Some Windows users personalize the views in File Explorer or Windows Explorer to make the app more useful for the way they navigate files. We can get carried away and make so many changes that we want to get rid of them and return the File Explorer to its original state. Windows offers a fast and efficient way of reversing all changes by resetting the folders that belong to the same viewing template. The procedure is accurate and straightforward, and it can save you a lot of time by reversing all the changes at once.
If you are used to working with files and documents, you are also probably used to working with ZIP files. You meet them everywhere: on the websites where you download files, to the documents your colleagues send through email. ZIP files are common because they reduce the size of files or folders and thus make it easier to send them over the internet or other means. Although ZIP file archives are not protected by default from prying eyes, you can secure their contents by adding passwords without which they cannot be opened. Here are two ways to password-protect ZIP archives, in Windows:
One of the changes often performed in Windows is to customize the way File Explorer displays files. We show you how to make these changes once, and make sure they re-apply automatically for all the other folders that contain the same type of files. This magic is done using the default viewing templates, and using them is easier than you might think. Let's go together through the setup so that you can be more efficient in the way you deal with files in Windows:
Windows 10 shows you the frequently accessed folders and recent files in the Quick access view when you open File Explorer. While this feature can be useful if you need quick access to your frequent resources, it might also be an annoyance if you are using a shared computer, and you do not want other people to see what you are doing on the same computer. These lists can be cleared manually or hidden permanently. Read on to learn how to it is done:
The folder term that is present in all modern operating systems was used for the first time more than 60 years ago in a computing device. Initially, folders were called directories. But, once graphical user interfaces became the norm, the term was replaced with folders. In the modern versions of Windows, folders are easy to use, and, at the same time, allow sophisticated operations for the power users. Let's find out together what a folder is and how to make use of them on your Windows computer:
When you want to browse your files and work with them in Windows, most people fire up File Explorer (in Windows 10 and Windows 8) or Windows Explorer (in Windows 7). While these apps are good-enough file managers, for most people, they can be improved and tweaked to work even better. To improve your user experience, we have compiled a list of fifteen tips that you can apply, so that File Explorer or Windows Explorer work the way you want to:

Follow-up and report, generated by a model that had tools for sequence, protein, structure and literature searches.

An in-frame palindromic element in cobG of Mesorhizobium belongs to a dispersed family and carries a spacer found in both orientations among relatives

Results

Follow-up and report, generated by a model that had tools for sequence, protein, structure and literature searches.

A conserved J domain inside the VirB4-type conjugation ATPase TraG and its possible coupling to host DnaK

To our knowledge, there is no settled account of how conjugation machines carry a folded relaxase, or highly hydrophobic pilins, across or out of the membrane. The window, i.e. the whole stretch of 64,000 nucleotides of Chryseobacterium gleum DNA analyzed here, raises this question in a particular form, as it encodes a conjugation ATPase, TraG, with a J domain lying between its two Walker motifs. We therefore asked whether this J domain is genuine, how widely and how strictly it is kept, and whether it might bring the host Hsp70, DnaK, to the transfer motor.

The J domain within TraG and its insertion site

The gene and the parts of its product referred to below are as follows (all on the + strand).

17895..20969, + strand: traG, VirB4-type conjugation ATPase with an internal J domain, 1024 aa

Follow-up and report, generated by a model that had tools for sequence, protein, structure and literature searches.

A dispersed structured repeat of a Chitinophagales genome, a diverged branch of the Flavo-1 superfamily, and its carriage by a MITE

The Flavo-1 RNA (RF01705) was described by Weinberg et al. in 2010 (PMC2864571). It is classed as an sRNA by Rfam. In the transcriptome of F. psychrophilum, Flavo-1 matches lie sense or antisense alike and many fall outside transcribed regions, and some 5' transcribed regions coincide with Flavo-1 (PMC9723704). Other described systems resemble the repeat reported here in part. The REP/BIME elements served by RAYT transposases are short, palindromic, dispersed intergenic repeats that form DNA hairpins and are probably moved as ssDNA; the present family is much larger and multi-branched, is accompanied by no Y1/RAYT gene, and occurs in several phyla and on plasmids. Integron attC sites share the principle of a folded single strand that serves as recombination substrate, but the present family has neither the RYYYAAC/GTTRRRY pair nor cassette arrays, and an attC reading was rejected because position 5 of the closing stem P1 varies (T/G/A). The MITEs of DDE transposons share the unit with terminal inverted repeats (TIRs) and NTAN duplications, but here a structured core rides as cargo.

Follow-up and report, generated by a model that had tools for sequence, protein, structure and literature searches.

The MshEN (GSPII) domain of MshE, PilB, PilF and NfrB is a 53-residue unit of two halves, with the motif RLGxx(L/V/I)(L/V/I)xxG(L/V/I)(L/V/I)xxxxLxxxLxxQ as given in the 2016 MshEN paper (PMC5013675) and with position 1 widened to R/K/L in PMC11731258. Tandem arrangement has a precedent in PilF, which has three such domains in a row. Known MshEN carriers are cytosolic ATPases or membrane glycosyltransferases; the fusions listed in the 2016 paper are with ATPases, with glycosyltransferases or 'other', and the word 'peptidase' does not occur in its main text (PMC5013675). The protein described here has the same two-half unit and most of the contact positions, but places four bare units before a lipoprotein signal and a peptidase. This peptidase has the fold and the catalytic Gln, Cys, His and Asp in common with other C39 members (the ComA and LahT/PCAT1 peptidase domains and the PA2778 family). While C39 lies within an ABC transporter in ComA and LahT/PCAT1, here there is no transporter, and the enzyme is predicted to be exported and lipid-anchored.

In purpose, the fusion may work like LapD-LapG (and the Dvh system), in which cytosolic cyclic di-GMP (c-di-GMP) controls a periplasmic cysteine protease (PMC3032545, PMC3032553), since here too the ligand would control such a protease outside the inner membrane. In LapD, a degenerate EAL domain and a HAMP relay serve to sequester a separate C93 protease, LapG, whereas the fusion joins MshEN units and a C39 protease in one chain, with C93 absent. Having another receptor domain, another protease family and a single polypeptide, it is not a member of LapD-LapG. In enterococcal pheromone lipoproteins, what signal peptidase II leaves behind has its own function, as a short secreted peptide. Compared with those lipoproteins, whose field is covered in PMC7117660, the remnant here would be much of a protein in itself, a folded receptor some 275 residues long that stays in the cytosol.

You may often have to work with ZIP file archives. Co-workers can send you ZIP files via e-mail. OneDrive and Google Photos download several files at once by grouping them in a ZIP file. The examples are numerous. The good news is, once you have your ZIP files downloaded to your Windows computer, you can open them and extract their contents without using third-party apps. Here is how to extract all the files or just one file from ZIP archives, using what Windows has to offer:
The ZIP files have been around since 1989, and for about 10 years you had to install a third party app in your Windows to work with files that have the ".zip": extension. Starting with 1998, Windows has included the ability to create and use zipped folders and files, as a standard feature. When you need to combine several files and folders for easy and economical transfer and storage, the ZIP files are the go-to solution. They are easy to use and available in every Windows system. The Windows functionality that allows you to archive files is called a "compressed (zipped) folder".
SmartScreen Filter, Windows SmartScreen or the Windows Defender SmartScreen are the same protection feature, with different names, depending on the Windows version that you are using. While it helps protect your computer from malicious files, apps, and websites, some users consider it annoying and want to disable it. If you want to turn off the SmartScreen Filter, here is how it's done:
Taking screenshots of your screen is a feature that has been around for a long time. By default, Windows saves your screenshots in a particular folder on your Windows PC or device. Although this location is intuitive and works for most people, there are situations in which you may want to change it. If you are curious to find out where your screenshots saved by Windows are, and how to change the screenshots location, read this article: